For most Wiccans and NeoPagans, this is a time of community and kinship. It’s not uncommon to find a Pagan Pride Day celebration tied in with Mabon. Often, PPD organizers include a food drive as part of the festivities, to celebrate the bounty of the harvest and to share with the less fortunate.
If you choose to celebrate Mabon, give thanks for the things you have, and take time to reflect on the balance within your own life, honoring both the darkness and the light. Invite your friends and family over for a feast, and count the blessings that you have among kin and community.
Grapes. They’re everywhere in the fall, so it’s no surprise that the Mabon season is a popular time to celebrate winemaking, and deities connected to the growth of the vine. Whether you see him as Bacchus, Dionysus, the Green Man, or some other vegetative god, the god of the vine is a key archetype in harvest celebrations.
The Greek Dionysus was representative of the grapes in the vineyards, and of course the wine that they created. As such, he gained a bit of a reputation as a party-hardy kind of god, and his followers were typically seen as a debauched and drunken lot. However, before he was a party god, Dionysus was originally a god of trees and the forest. He was often portrayed with leaves growing out of his face, similar to later depictions of the Green Man. Farmers offered prayers to Dionysus to make their orchards grow, and he is often credited with the invention of the plow.
In Roman legend, Bacchus stepped in for Dionysus, and earned the title of party god. In fact, a drunken orgy is still called a bacchanalia, and for good reason. Devotees of Bacchus whipped themselves into a frenzy of intoxication, and in the spring Roman women attended secret ceremonies in his name. Bacchus was associated with fertility, wine and grapes, as well as sexual free-for-alls. Although Bacchus is often linked with Beltane and the greening of spring, because of his connection to wine and grapes he is also a deity of the harvest.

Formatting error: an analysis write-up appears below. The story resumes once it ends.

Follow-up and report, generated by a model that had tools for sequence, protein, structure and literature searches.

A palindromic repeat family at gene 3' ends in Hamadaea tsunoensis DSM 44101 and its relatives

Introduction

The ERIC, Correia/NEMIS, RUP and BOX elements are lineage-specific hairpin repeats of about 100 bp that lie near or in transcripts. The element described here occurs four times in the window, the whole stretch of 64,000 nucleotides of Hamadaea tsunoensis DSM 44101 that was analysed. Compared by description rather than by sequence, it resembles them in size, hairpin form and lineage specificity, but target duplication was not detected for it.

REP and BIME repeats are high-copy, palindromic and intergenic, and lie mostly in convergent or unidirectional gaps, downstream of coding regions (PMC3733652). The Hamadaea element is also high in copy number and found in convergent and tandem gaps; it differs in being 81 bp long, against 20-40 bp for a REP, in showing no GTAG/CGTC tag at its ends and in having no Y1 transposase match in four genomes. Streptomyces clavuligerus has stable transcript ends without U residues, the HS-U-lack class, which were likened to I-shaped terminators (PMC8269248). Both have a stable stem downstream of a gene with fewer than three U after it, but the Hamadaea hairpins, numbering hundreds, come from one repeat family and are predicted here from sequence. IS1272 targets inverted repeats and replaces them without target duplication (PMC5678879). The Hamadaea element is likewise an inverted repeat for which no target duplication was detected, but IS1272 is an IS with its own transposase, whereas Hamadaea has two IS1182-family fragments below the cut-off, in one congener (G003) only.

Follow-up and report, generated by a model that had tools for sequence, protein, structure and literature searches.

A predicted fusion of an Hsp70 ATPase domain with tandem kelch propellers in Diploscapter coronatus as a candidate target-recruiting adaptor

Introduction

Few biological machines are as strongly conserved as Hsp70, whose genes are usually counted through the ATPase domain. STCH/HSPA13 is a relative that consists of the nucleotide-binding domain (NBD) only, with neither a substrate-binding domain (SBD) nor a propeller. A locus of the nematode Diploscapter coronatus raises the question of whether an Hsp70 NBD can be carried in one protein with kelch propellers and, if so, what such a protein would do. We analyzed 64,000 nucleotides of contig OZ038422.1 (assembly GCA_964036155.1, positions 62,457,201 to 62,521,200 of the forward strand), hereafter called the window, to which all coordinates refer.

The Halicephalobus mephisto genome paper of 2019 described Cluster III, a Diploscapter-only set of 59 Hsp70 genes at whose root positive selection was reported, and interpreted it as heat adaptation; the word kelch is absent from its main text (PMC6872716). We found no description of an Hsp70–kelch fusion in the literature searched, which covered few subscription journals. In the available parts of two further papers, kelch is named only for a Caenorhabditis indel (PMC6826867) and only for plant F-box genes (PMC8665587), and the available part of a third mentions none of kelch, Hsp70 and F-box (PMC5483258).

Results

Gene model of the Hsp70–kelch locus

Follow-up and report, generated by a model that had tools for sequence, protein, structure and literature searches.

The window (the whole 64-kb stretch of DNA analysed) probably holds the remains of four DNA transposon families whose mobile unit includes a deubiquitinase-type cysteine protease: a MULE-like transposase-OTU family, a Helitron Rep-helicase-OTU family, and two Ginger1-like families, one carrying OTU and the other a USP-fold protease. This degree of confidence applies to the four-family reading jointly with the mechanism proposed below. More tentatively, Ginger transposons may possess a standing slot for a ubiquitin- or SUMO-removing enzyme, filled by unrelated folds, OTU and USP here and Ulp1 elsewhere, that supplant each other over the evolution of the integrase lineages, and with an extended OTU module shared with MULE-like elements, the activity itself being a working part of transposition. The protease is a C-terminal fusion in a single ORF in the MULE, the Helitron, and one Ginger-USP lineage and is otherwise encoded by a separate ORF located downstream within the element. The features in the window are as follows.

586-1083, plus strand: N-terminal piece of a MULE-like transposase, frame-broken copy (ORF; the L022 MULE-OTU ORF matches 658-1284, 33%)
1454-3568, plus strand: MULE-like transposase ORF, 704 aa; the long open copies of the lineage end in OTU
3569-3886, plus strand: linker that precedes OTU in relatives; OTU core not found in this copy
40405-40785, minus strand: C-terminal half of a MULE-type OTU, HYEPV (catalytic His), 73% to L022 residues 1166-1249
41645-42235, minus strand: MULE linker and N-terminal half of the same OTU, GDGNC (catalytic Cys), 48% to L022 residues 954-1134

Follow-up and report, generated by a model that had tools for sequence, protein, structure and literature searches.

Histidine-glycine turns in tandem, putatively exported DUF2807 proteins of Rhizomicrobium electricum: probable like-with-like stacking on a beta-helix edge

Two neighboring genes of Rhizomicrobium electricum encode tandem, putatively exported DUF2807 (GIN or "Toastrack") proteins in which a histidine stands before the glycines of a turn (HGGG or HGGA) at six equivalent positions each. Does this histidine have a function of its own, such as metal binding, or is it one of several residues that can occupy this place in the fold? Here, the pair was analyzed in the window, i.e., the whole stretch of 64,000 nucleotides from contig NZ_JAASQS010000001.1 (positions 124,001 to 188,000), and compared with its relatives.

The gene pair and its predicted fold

In medieval times, the image of the Green Man appeared. He is typically a male face peering out from the leaves, surrounded by ivy or grapes. Tales of the Green Man have overlapped through time, so that in his many aspects he is also Puck of the midsummer forest, Herne the Hunter, Cernunnos, the Oak King, John Barleycorn, Jack in the Green, and even Robin Hood. The spirit of the Green Man is everywhere in nature at the time of the harvest — as leaves fall down around you outside, imagine the Green Man laughing at you from his hiding place within the woods!
Mabon Balance Meditation
Now that fall is here, why not do an autumn version of Spring Cleaning? Get rid of any emotional baggage you’re dragging around with you. Accept that there are darker aspects to life, and embrace them, but don’t let them rule you. Understand that a healthy life finds balance in all things.
You can perform this ritual anywhere, but the best place to do it is outside, in the evening as the sun goes down. Decorate your altar (or if you’re outside, use a flat stone or tree stump) with colorful autumn leaves, acorns, small pumpkins, and other symbols of the season. You’ll need a black candle and a white one of any size, although tealights probably work best. Make sure you have something safe to put them in, either a candle holder or a bowl of sand.
Light both candles, and say the following:
A balance of night and day, a balance of light and dark
Tonight I seek balance in my life
as it is found in the Universe.
A black candle for darkness and pain
and things I can eliminate from my life.
A white candle for the light, and for joy
and all the abundance I wish to bring forth.
At Mabon, the time of the equinox,
there is harmony and balance in the Universe,
and so there shall be in my life.
Meditate on the things you wish to change. Focus on eliminating the bad, and strengthening the good around you. Put toxic relationships into the past, where they belong, and welcome new positive relationships into your life. Let your baggage go, and take heart in knowing that for every dark night of the soul, there will be a sunrise the next morning.
Adapted from articles by Patti Wigington